Replete With the Impressions of Digital Life: Review of the New Museum’s Triennial

Stephanie Greene '15

Contributing Writer

The New Museum, located in the heart of Manhattan, has long been an institutional space for international contemporary art. The museum stresses the importance of exhibiting work that is made “in the present” and positions itself as somewhere between a traditional and alternative museum. Its intent is to present the work of living artists who do not have wide public exposure or global critical acceptance. Originally founded in 1977, the New Museum began as an idea of director Marcia Tucker who at the time was a curator at the Whitney Museum of American Art. Tucker hoped to create a space where living artists could present their work without having to assimilate into the conventional format and collection structure of the exhibition.

That being said, Marcia Tucker died on October 17, 2006. Perhaps with her passing, her vision for the museum also disappeared. On February 24th the museum’s “Surrounds Audience” exhibition opened, making its third triennial. The exhibition was curated by Los Angles based video artist Ryan Trecartin and Lauren Cornell, who was the previous director of the Rhizome. Trecartin’s brilliant videos, which truly resemble cracked out Adderall junkies caught in a two way mirror, somehow don’t seem to translate into a cohesive curatorial language despite similarity in a new genre medium.

Before the entrance of the exhibition, a funny TV screen hangs from the ceiling. The screen plays Casey Jane Ellison’s “Ovation TV’s Touching the Art,” a series in which the performer interviews other artists. The series is a highly sarcastic version of a talk show curtailed for an art world audience. The work is funny, but the installation is quite confusing, as there is neither sound nor subtitles.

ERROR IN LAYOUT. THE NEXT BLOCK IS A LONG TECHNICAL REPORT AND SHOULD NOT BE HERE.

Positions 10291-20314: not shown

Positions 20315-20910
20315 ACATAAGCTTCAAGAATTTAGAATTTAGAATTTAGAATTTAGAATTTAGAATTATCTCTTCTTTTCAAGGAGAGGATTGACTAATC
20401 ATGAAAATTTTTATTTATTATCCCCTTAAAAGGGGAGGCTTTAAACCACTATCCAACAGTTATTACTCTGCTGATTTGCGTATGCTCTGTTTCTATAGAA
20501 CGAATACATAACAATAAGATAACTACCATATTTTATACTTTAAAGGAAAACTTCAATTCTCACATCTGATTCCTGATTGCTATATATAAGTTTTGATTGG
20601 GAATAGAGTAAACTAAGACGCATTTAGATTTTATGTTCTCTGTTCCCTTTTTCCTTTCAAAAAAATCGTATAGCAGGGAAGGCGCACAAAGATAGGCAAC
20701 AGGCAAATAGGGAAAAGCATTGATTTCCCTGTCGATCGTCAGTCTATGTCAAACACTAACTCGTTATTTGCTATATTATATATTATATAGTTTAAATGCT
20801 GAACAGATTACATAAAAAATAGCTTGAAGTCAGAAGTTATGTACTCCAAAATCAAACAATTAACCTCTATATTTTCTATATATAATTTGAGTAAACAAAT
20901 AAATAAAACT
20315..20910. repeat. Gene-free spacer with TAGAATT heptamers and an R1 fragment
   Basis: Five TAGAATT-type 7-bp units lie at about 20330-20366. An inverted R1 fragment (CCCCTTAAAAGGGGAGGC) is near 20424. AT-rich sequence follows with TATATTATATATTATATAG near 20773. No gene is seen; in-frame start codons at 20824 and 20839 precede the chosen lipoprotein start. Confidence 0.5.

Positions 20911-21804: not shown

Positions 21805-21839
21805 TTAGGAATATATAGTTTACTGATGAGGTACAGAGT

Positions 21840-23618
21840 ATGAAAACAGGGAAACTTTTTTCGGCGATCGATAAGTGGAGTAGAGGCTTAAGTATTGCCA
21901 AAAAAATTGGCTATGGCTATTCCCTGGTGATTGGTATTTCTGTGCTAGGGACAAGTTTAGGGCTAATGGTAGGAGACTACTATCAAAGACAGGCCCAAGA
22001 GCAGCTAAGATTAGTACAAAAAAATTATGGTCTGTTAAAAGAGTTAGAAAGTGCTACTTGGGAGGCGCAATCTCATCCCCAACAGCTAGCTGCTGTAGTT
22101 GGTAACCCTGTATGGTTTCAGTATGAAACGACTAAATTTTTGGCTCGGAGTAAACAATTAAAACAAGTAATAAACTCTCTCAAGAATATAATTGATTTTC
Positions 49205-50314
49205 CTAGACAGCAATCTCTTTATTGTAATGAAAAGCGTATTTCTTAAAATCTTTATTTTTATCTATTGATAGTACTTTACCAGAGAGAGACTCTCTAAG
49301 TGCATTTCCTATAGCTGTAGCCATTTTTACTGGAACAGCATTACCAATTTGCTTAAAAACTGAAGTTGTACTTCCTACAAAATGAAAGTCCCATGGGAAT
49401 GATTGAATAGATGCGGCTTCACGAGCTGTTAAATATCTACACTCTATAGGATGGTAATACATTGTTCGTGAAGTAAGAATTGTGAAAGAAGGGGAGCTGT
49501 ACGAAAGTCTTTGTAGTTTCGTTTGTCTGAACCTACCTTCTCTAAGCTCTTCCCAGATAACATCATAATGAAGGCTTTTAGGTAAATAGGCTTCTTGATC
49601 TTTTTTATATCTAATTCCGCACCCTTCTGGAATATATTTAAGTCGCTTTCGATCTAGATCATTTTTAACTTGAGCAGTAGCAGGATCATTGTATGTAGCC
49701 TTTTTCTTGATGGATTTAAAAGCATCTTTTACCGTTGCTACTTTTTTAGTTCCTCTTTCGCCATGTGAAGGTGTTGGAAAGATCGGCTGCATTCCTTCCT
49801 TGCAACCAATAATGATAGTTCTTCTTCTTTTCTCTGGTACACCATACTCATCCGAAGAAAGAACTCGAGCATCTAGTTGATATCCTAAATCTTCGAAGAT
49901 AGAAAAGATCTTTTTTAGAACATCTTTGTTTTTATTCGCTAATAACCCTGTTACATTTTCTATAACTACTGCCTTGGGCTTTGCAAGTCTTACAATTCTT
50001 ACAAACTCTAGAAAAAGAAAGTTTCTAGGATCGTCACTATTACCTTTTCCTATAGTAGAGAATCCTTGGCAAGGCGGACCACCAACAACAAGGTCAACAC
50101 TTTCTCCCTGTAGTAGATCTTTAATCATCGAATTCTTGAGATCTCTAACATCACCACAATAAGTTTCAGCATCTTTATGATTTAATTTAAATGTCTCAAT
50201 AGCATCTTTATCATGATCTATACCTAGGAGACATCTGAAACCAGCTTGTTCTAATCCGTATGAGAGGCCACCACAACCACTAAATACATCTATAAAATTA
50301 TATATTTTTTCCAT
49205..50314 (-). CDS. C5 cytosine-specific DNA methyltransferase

Overall, the exhibition focuses on technological “connectivity” and a provisional contemporary obsession with the self. The press release for the exhibition states: “We move through streams of chatter, swipe past pictures of other people’s lives and frame our own experiences as, all the while, our digital tails are subtly captured, tracked and stored.” Many of the works manifest in non-traditional forms that characterize post-internet art: Tumblr blogs, YouTube videos, surveillance and of course, Instagram.

The exhibit also explores themes of activism, sexuality, nationalism and consumerism. These themes are taken up by a range of artists from different countries and varied artistic affiliations such as contemporary dance, poetry, and film. One of the curators reflected: “It was really important to encourage the artists to do what they wanted to do and not to impose too much…I just drop out of that shit if someone tries to do it to me.” Although a generous curatorial methodology, the result is a poorly organized and claustrophobic show.

Yet many pieces still stand out amongst the chaos of the show. Conceptual entrepreneur, Martine Syms whose interdisciplinary practice ranges from performative lectures on mundane afro-futurism to videos on future late capitalism, presented an installation that traces the representation of black bodies in American comedy TV. Argentinian performance artist Eduardo Navarro presents residue from a performance in which he explores the phenomenological position of the turtle. Transgendered beauty Juliana Huxtable is depicted in a perhaps too hyper real sculpture by artist Frank Benson; but her ink jet self-portraits have the perfect balance of agency and the post-human diva. --Overall? Intriguing art, bad curating.